How to get the modern farmhouse look and style for your home
Every region of the United States has its version of the modern farm.
In the northeast, there are white clapboard siding and double-hung windows, deep porches, and gabled roofs. In the Midwest, imagine the roofline of Grant Wood’s famous American Gothic painting. In the southwest, it could be adobe.
The style has been around since the late 1990s and its popularity shows no signs of abating, thanks in large part to Chip and Joanna Gaines and their HGTV show Fixer Upper.
In fact, last year, a Homes.com survey of 5,000 American adults determined that the modern farmhouse is the most popular style of home in 42 states. (And according to a March 2020 Zillow study, modern farms sell faster and for more money than other styles of homes.)
What is so special? It’s a great style of home for people who want something traditional that also feels contemporary. Respondents from Home.com said the modern farmhouse was “good looking but not boring” and “simple, comfortable and not too busy”.
The modern farm can be uncluttered and practical. Think of the hundreds of years of agrarian life: the homes of the people who live and work the land would have utilitarian and useful design details. A sloping roof eliminates snow, a deep porch improves cross ventilation, manages solar gain, and is a good place to park muddy boots.
And, today’s desire for the modern farmhouse style is part of a larger cultural movement that includes a more relaxed family lifestyle, a strong indoor-outdoor connection, farm-to-table meals and community life within walking distance.
Take him inside
But even those who don’t live in a modern farmhouse style home can get that warm look and feel. Homeowners today combine traditional styles with more contemporary elements. An open floor plan with lots of natural light. Mixed metal luminaires. Warm wood tones. Rustic and industrial accents. And, of course, the liberal use of the shiplap. These are the elements of the interior of the modern farmhouse.
Interior designer Amie Freling-Brown, owner of Meme Hill Studio, designs and furnishes homes for Morrell Builders.
“My job as an interior consultant for them is to be one step ahead of what others are doing. I bring affordable trends and a lifestyle that everyone has seen on Instagram, Facebook and Pinterest. I bring a “Pinterest pin” to life, ”Freling-Brown jokes.
Recognizing that people live a more laid-back lifestyle, Freling-Brown chose the modern farmhouse look when designing the interior of the Piper Meadows model home, a new development from Morrell Builders in Victor. This home, named ‘Red Bud,’ is colonial (but with a few modern farmhouse features, black metal roof accents, wooden corbels, natural stone, floor-to-ceiling windows framed in black, and iron light fixtures. ).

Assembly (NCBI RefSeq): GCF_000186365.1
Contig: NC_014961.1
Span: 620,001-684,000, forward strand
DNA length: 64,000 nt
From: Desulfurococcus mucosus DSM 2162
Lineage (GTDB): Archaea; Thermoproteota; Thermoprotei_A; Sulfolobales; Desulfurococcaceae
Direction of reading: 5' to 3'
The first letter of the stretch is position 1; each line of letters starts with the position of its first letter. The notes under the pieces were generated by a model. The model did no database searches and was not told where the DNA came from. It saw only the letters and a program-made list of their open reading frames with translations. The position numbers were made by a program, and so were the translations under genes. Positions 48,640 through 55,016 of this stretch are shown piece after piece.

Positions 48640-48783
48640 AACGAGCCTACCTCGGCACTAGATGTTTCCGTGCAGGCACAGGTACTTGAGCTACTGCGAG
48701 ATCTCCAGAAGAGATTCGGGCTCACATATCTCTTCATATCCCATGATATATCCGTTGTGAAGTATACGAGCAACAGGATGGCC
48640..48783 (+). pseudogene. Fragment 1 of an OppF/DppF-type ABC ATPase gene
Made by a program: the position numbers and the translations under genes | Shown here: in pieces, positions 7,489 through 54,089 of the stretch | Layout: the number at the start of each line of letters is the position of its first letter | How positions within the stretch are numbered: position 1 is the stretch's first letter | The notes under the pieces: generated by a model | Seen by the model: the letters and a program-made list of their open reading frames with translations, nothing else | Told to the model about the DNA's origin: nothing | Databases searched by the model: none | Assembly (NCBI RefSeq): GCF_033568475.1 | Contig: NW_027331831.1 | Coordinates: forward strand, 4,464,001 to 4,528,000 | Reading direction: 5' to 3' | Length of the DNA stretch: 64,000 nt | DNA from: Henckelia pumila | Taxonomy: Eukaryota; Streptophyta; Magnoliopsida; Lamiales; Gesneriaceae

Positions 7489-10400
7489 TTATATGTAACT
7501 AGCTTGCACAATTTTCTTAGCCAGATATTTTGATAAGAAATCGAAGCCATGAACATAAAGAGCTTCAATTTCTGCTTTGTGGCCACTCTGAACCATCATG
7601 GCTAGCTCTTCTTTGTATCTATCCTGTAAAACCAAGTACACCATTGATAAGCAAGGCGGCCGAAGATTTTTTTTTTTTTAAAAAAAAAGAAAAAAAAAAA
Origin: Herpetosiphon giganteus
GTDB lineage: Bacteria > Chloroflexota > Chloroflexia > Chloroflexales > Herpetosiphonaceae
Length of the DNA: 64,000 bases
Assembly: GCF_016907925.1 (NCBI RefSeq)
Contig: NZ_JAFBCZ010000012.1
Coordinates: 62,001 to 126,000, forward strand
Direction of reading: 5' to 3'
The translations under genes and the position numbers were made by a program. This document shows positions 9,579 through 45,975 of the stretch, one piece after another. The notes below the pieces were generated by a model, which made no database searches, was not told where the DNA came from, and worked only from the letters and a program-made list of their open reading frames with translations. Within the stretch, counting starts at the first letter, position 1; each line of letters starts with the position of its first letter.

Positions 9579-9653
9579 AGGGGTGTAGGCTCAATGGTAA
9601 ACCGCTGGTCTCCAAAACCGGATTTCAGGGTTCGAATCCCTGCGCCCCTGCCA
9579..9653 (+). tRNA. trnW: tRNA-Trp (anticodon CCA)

Potential buyers love it, says Freling-Brown. “It’s a clean, collective and intentional style.”
Ultimately, the modern farmhouse, “is a simpler design style that takes us away from signs with words, layering, and a country look.”
The 3,176 square foot house (with a 710 square foot basement), backed by woods and walking paths, includes five bedrooms, an office / multipurpose room at the main entrance and 4 1/2 bathrooms. bath. The open-plan ground floor is surrounded by floor-to-ceiling windows that flood the kitchen, living room and dining room with natural light. Next to the kitchen there is a “morning room”, what might once have been called a den.
This public space on the ground floor immediately attracts attention. Freling-Brown maximized the light by choosing soft but bright paint colors – clear, off-white walls that house floating shelves rather than the more traditional recessed ones. She chose matte finishes for the floors (European white oak with wide engineered planks), cabinets, staircase, moldings and lighting. “Simple finishes,” she says.
In the kitchen, Freling-Brown says she was trying to move away from the “all white” look. She used three finishes that bind together. The large quartz island is arctic white and features wooden legs and putty-colored cabinets. Above the island are black pendants with coppery gold interiors and above the stove is a black hood.
The island includes the sink. This way you can wash off and enjoy your family while enjoying a wonderful view through the windows. “It’s a great house for entertaining,” says Freling-Brown.
All kitchen mess can be tucked away in the adjacent Butler’s pantry which features a leather soapstone countertop, beverage cooler, and plenty of storage. Best of all, pocket doors keep everything hidden.
The living room has a vacation vibe with a fireplace topped by a horizontal boat overlap with depth between the planks (adding another modern touch), soft gray and white furniture, and a blue and white striped rug. Freling-Brown added texture with a large woven basket purchased at a garage sale. In the dining room, Freling-Brown paired a long, bleached-wood table with black-painted rattan-backed Scandinavian chairs.
Freling-Brown likes to mix top and bottom, modern and vintage. She buys furniture from Overstock, Kirkland’s, Raymour & Flanigan, HomeGoods, Pottery Barn. “A room needs something old, new, modern – kind of like a wedding,” she says.
And, mixing it up turns out to be a great modern wedding.